And before you make the cast to those eager risers, consider where the leader will land. Think about what the various currents will do to the leader. And think about what influence the line hanging from your rod tip may have — because all of it matters.

Fish hard, friends.

 

Enjoy the day.
Domenick Swentosky
T R O U T B I T T E N
domenick@troutbitten.com

 

 

Share This Article . . .

Since 2014 and 600 articles deep
Troutbitten is a free resource for all anglers
Your support is greatly appreciated

– Explore These Post Tags –

Domenick Swentosky

Central Pennsylvania

Hi. I’m a father of two young boys, a husband, author, fly fishing guide and a musician. I fish for wild brown trout in the cool limestone waters of Central Pennsylvania year round. This is my home, and I love it. Friends. Family. And the river.

More from this Category

VIDEO | Streamers on the Mono Rig: Episode 2 — Casting

VIDEO | Streamers on the Mono Rig: Episode 2 — Casting

The Troutbitten video series, Streamers on the Mono Rig continues with Episode Two, covering the unique possibilities and the demands of casting.

Fishing streamers on the Mono Rig offers anglers ultimate control over the direction and action of their flies — all the way through the drift. And while small streamers may need nothing more than a nymphing-style cast, mid-sized and full-sized streamers require a few changes in casting to get the most from the technique . . .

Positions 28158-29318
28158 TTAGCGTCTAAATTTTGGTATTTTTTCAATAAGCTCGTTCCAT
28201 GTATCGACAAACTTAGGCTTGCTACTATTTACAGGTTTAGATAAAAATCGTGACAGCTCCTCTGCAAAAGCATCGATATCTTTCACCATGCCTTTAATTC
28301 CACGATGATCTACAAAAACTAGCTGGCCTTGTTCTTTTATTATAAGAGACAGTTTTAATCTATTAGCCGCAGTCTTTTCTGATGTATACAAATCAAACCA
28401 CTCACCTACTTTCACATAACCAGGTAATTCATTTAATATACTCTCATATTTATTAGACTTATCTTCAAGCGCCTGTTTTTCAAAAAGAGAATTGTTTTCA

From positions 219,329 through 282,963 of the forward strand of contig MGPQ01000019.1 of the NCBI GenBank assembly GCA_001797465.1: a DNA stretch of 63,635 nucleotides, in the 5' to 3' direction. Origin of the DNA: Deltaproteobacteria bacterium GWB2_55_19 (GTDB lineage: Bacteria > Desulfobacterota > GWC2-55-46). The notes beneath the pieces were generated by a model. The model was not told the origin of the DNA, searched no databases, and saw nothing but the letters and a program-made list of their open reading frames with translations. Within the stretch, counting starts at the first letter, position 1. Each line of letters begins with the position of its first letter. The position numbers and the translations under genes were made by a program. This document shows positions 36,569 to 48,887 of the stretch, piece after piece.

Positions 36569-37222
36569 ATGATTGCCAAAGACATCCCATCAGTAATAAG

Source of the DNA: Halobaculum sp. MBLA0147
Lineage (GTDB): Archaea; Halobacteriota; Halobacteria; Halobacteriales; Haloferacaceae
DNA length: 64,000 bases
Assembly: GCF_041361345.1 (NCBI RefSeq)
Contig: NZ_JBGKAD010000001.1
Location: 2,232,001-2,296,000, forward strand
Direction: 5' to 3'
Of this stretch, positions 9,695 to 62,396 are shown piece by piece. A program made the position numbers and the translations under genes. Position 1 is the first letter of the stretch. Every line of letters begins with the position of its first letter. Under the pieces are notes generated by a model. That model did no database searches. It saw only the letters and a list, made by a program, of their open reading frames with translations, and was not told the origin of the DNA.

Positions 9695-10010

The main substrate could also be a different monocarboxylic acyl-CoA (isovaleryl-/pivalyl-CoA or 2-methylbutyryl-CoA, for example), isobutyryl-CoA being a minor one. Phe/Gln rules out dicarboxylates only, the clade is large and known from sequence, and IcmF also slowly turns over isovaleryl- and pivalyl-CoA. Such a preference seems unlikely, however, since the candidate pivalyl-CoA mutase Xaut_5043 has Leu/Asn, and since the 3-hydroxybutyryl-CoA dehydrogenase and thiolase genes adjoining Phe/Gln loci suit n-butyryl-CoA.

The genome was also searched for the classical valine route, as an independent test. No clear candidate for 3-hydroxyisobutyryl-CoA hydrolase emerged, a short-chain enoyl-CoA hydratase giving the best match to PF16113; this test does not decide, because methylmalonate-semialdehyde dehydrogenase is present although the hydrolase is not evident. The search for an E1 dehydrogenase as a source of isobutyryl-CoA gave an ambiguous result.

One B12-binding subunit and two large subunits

You Need Contact

You Need Contact

Success in fly fishing really comes down to one or two things. It’s a few key principles repeated over and over, across styles, across water types and across continents. The same stuff catches trout everywhere. And one of those things . . . is contact.

. . . No matter what adaptations are made to the rig at hand, the game is about being in touch with the fly. And in some rivers, contact continues by touching the bottom with something, whether that be a fly or a split shot. Without contact, none of this works. Contact is the tangible component between success and failure.

Streamer Presentations — The Touch and Go

Streamer Presentations — The Touch and Go

Want to get deep? Want to be sure the fly is low enough? Try the Touch and Go.